Never Been a Time


Sunday, Nov. 5 at 7:30pm
Washington U./Brown

“Never Been a Time” uses the 1917 East St. Louis race riot to unpack hidden facts that reveal the complexity of racism in all of America. The film links events separated by as much as a 100 years and as few as 20 miles, tracing the line between the East St. Louis pogrom — one of the worst racially motivated massacres in American history — and the 2014 racial uprisings in Ferguson and the 2017 protests in Minnesota over the shooting death of Philando Castile. Moving from micro to macro, the film broadens to include the full sweep of the African-American experience, showing the unequal citizenship accorded to blacks on all levels: economic, political, and social. The words of poets, the recollections of descendants, the analyses of scholars, and the testimonies of the 1917 victims create a multilayered documentary that demonstrates there has “never been a time” when people of African descent were treated with fairness in the U.S. without some type of demand for change.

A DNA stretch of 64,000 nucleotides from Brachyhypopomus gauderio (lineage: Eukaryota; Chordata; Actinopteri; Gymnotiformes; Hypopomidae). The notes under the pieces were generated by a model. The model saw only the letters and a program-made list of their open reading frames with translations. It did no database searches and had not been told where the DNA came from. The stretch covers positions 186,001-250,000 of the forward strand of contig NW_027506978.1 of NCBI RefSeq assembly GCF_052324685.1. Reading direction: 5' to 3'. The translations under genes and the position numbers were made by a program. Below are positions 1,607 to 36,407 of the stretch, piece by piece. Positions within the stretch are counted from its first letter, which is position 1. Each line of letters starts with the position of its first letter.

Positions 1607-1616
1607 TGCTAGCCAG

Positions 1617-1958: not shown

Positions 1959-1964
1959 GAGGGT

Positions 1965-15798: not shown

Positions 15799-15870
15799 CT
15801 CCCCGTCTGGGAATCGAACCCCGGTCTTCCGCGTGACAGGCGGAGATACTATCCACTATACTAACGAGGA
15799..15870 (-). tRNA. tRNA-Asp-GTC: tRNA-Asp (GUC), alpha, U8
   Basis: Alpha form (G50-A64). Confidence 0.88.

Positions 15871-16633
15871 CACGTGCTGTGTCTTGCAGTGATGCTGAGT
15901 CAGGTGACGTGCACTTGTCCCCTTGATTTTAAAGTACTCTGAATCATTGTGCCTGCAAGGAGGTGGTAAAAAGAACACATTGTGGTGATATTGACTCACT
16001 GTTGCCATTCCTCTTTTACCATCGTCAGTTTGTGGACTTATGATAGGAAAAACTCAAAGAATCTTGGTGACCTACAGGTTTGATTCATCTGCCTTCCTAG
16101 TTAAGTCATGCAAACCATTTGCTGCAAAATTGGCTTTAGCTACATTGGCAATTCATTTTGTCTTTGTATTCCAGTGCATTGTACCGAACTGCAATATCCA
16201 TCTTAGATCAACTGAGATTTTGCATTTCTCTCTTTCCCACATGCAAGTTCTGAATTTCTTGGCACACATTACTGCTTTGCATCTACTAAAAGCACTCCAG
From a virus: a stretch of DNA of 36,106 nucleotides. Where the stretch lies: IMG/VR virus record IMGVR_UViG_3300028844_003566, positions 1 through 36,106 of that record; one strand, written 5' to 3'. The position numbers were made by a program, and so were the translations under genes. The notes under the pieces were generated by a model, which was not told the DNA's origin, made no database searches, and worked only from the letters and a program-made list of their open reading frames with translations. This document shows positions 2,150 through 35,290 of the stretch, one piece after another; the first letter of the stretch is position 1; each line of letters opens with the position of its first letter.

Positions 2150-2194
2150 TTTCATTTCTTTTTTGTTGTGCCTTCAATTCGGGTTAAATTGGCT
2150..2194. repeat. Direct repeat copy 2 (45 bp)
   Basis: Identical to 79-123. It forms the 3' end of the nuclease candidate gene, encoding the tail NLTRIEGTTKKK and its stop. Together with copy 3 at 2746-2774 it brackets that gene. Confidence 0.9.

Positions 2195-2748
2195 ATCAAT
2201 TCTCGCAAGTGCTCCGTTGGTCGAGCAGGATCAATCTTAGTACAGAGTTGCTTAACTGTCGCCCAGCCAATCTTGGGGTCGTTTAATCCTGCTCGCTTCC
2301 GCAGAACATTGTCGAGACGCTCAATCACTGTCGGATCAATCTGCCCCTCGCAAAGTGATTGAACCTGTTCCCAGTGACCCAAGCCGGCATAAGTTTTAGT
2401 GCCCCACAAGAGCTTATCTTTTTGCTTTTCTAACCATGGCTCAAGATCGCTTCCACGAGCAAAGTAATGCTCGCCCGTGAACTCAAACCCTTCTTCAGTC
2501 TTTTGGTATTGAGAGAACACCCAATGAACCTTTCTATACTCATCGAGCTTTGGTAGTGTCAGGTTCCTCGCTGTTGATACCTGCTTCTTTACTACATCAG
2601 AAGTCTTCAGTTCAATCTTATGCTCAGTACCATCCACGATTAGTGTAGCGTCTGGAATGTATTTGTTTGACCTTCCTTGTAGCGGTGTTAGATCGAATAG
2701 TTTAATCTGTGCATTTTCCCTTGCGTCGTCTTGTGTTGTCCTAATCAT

112 min.

Directed by

Denise Ward-Brown

Film Category

Human Rights Spotlight Leon & Mary Strauss Documentary Spotlight Mean Streets: Viewing the Divided City Through the Lens of Film and Television Race in America: The Black Experience Show-Me Cinema Women in Film Spotlight
With director Ward-Brown and writer Harper Barnes, author of “Never Been a Time: The 1917 Race Riot That Sparked the Civil Rights Movement.”